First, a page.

A judge has decided to maintain the gag order in the criminal case against Bryan Kohberger, who stands accused of the murder of four Idaho college students, Your Content has learned.
The order prevents any parties involved in the case from discussing it publicly. The decision was made after considering arguments presented on Friday.
The high-profile nature of the charges against Kohberger has led to widespread national attention, generating online chatter and rampant speculation.
Concerned about preserving both the First Amendment and the Sixth Amendment rights, Latah County District Judge John Judge acknowledged the delicate balance required in this case.
Kohberger’s defense team and the prosecution both support the gag order, asserting that it will ensure a fair and impartial trial when proceedings commence on October 2.
By preventing potential jurors from entering the courtroom with preconceived biases, they hope to maintain the integrity of the trial.
However, the lack of information available to the public has resulted in rampant speculation and misinformation about the case, a problem that law enforcement had already encountered before Kohberger’s arrest.
The first of two hearings on Friday focused on the request from the Goncalves family to modify the gag order. The family’s attorney, Shannon Gray, argued that the order prevented them from discussing the case and hindered their access to updates.
Gray expressed frustration with the communication between the prosecutor’s office and the Goncalves family, deeming it highly inadequate compared to his two decades of legal practice.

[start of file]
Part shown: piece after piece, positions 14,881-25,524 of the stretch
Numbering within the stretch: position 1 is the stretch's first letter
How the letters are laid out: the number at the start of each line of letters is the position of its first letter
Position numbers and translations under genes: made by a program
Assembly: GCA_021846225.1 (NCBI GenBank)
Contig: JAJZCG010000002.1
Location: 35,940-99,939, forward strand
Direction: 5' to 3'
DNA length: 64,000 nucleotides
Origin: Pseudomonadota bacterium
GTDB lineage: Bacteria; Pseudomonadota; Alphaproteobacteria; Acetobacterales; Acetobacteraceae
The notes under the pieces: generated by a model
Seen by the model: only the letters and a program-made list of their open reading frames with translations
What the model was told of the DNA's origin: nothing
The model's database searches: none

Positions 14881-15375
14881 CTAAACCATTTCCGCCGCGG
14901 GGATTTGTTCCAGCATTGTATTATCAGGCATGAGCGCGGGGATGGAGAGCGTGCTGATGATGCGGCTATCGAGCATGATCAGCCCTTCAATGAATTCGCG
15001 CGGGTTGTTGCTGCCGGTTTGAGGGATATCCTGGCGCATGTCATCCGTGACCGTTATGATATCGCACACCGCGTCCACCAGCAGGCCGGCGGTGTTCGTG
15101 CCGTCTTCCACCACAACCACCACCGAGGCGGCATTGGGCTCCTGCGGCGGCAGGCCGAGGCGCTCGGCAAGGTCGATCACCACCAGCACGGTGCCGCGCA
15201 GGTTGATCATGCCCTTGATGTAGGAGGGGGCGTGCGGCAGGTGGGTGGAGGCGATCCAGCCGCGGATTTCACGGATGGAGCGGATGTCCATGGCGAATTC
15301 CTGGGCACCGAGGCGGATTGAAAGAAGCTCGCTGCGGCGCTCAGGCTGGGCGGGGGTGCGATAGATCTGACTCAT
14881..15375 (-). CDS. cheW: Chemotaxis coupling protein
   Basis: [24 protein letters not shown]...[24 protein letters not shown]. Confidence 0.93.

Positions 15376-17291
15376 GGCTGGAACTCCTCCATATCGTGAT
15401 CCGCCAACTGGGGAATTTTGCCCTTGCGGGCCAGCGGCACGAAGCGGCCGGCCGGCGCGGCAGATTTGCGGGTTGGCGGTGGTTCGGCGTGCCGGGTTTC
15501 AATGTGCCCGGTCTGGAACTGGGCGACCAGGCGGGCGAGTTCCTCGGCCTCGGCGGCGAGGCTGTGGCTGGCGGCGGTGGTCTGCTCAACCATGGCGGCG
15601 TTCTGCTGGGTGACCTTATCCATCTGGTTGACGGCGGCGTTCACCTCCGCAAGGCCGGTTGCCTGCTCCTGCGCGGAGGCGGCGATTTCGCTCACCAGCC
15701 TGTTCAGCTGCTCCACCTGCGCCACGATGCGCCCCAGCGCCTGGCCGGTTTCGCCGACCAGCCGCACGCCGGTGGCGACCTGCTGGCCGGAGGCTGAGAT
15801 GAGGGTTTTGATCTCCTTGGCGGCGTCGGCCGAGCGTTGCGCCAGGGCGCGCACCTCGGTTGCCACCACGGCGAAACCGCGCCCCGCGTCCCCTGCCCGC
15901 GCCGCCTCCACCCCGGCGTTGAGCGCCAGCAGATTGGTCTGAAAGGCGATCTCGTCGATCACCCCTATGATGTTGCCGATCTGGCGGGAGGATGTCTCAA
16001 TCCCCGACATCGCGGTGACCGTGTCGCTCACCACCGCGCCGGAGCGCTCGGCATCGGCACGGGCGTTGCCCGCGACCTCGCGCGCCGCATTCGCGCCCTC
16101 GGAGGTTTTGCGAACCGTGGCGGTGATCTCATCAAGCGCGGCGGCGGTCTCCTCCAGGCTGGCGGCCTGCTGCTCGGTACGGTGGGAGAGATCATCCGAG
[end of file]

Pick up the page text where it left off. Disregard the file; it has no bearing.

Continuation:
In response, the judge clarified that while family members could potentially be called as witnesses, they were not subject to the gag order. However, the order did apply to Gray, given his role as an attorney on the case.
Consequently, Gray requested permission to speak publicly about the case.
Prosecutors countered Gray’s request, asserting that his comments were misleading. They emphasized their duty of candor to the court and sought to prevent any misinterpretation of improprieties.
Kohberger’s attorneys further contended that Gray had not abided by the gag order, citing his numerous media appearances. They expressed concerns that any statements or actions would be manipulated against their client.
Additionally, arguments were presented regarding the potential allowance of cameras in the courtroom for future proceedings. Kohberger voiced his opposition, claiming that online spectators had been unfairly judging his body language.
The judge carefully considered all arguments and will issue rulings on these matters at a later date, according to News Nation.